Which One Won? Deciding the best book title ideas for a book about decision-making

Even authors who write about how to make decisions more effectively need assistance when making a decision about their book title ideas. One such author took the question to PickFu to find out which of two titles appealed the most to readers.

Option A reads, “The Decision Making Blueprint: A Simple Guide to Better Choices in Life and Work.” This title is concise and directly tells the reader what they’re getting.

Option B reads, “The Decision Making Blueprint: A Simple Guide to Effective Thinking, Smart Choices, and Better Results.” This longer title lays out in detail what readers will learn once they read the book.

Can you guess which one won?

And the winner is…Option A! With a score of 62 to Option B’s 38, Option A won in a statistically significant way.

Let’s find out why respondents loved Option A so much more than Option B.

When judging book title ideas, simpler is better

Many poll respondents stumbled mentally over the longer title in Option B. One respondent said, “[Option] A is easy to read and the words flow, so the meaning hits my brain and I understand it. I don’t have to stop and think what the heck [it] is talking about.”

Other respondents agreed. Many glanced past Option B and didn’t even finish reading it because the density of the title made them lose interest.

Option A is simple and short, and readers appreciate brevity in a book title.

Don’t state the obvious in your book title ideas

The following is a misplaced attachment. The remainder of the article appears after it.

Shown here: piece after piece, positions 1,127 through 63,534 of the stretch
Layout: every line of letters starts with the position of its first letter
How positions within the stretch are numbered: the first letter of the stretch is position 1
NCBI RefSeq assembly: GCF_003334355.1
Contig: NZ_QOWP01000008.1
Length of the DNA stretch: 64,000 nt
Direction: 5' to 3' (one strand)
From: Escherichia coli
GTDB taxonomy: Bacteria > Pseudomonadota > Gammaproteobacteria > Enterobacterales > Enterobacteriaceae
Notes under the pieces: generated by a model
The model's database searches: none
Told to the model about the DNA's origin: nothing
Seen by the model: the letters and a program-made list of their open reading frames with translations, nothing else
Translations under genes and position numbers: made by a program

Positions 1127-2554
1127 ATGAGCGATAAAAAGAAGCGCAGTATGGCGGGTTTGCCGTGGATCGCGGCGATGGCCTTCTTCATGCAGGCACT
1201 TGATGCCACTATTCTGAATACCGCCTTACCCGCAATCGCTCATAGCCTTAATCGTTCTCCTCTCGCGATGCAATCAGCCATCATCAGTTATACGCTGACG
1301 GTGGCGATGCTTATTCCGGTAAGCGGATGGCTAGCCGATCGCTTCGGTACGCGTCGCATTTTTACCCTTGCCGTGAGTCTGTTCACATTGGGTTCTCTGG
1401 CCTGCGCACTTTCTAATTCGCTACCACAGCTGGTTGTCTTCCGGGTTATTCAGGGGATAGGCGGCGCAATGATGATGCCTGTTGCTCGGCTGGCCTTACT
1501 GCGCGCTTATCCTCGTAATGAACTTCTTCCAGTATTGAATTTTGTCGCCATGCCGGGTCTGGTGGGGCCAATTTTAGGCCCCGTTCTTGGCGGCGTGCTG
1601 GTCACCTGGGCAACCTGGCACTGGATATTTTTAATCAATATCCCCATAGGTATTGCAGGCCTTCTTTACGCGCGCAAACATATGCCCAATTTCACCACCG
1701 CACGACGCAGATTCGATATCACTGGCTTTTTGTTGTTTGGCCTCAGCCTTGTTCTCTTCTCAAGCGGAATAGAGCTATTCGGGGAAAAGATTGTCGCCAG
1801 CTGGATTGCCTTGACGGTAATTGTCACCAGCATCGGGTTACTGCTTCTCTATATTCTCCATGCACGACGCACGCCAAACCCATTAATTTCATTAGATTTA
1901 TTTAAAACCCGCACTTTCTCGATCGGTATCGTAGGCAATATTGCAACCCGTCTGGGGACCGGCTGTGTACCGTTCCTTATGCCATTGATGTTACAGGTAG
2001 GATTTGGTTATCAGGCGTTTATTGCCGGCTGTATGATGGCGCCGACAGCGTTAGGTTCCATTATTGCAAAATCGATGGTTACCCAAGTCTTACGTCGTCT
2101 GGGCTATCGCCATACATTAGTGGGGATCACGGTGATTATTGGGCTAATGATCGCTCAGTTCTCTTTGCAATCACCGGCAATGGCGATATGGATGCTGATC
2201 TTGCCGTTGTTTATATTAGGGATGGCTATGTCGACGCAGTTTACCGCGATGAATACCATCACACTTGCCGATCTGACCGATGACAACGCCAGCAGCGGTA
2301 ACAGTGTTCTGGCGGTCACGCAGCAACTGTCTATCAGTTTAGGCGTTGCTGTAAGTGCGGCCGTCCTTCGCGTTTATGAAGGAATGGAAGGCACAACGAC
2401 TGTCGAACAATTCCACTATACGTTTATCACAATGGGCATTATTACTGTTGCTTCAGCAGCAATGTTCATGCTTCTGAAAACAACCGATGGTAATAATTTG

While Option B might appear to give more information because it is longer, respondents generally found that the extra words didn’t add a lot of meaning to the title. One respondent said, “The extraneous text in choice ‘B’ is kinda redundant — if you think effectively and make smart choices, better results are a given.”

And even though Option A is shorter, it provides all the information necessary to make a potential reader pick up the book. “It seems to me that [Option A] may provide some kind of blueprint to balance life/work issues,” said one male. He inferred this from the shorter title alone. Like other respondents, he seemed to find that Option A was more specific and informational than Option B despite being shorter.

Key takeaways

Shorter titles can be easier to read and more likely to catch the attention span of your average reader. You don’t need to sacrifice quality, but you do need to pack high-quality words into a powerful title.

An easy way to do this is to write out the longer title and then trim it as much as possible. Come up with a few variations. Once you have two or three that you really like, create your own PickFu poll to find out which one appeals most to readers!


Learn More:Authors improve their book marketing efforts by using PickFu to test book titles and covers with potential readers targeted by literary preferencenumber of books read per month, and more.


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